The preparation algorithms are generally very simple, but can result in complex and musically interesting behaviors quite quickly. One of the first preparations was a kind of resettable metronome. Normally metronomes don’t listen to us at all, and we just have to follow them; with the so-called Synchronic preparation, metronomes are initiated by playing the keyboard, and they can be reset, and their tempi changed, by playing them in particular ways. Another preparation is modeled after an old tape delay system, where analog tape was used to automatically play back what the player played a short time later; the Nostalgic preparation does something similar, though it plays it backwards, as though we are literally moving back in time. These can all be configured in specific and detailed ways, and part of the composition process is constructing exactly how the instrument is “prepared."

What led you to the bitKlavier project?

bitKlavier emerged, and continues to emerge, from my practice as a composer. In this paper, I describe its origins in a piece for So Percussion, where the original algorithms were developed, and before it became a keyboard-centric project. Later it became keyboard-centric simply because I have MIDI keyboards in my studio and they were the most convenient tool available for exploring the algorithms, but over time the keyboard and software became completely intertwined and are now inseparable.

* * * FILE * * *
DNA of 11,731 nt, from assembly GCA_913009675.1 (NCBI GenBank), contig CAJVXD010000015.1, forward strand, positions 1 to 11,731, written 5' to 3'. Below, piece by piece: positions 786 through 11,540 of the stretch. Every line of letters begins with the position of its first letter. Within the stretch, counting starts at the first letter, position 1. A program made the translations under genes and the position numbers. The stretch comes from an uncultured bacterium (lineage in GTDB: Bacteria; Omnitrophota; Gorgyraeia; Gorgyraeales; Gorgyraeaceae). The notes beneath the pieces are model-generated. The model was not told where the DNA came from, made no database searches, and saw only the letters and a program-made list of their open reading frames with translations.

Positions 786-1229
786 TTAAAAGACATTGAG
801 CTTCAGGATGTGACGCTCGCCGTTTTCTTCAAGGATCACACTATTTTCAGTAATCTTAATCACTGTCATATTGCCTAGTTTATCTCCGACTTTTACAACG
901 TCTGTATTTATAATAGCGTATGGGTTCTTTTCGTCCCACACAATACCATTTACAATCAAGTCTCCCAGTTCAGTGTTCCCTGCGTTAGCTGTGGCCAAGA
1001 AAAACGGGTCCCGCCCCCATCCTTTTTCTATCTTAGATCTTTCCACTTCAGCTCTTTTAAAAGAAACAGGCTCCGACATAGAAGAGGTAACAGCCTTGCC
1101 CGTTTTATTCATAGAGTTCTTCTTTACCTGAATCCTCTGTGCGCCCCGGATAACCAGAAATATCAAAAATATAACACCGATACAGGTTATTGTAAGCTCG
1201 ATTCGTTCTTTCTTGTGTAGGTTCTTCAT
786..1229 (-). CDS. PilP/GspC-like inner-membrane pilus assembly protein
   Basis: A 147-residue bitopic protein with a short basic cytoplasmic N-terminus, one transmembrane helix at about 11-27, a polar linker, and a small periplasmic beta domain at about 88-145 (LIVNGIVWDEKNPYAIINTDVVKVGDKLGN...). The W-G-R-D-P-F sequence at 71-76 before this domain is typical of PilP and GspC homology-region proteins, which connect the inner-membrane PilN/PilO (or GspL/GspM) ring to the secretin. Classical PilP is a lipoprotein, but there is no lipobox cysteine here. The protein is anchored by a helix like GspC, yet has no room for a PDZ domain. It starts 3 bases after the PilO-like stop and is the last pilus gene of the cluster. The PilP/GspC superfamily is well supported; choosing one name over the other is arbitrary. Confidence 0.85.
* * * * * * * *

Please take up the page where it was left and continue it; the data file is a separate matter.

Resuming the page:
But the project, especially when I first started work on it with the CDH, also became more of a research, tool-building endeavor to explore a number of specific ideas around time and tuning in music, and more broadly the Musician-Machine relationship. It continues to amaze me how interesting a range of simple questions are, like: what are the differences between the way musicians and machines articulate time?; what happens when the piano becomes dynamic, its behavior changing in real-time under the hands of the performer?; what kind of tuning systems can emerge when we are no longer bound to a physical instrument with static strings?; how can physical, acoustic features of the conventional piano be generalized in the digital domain to reveal aspects of the conventional piano that we hadn’t noticed before, and that can be fruitful for further creative exploration?; and so on…

Do you have any specific examples of how some of these questions have been answered by bitKlavier?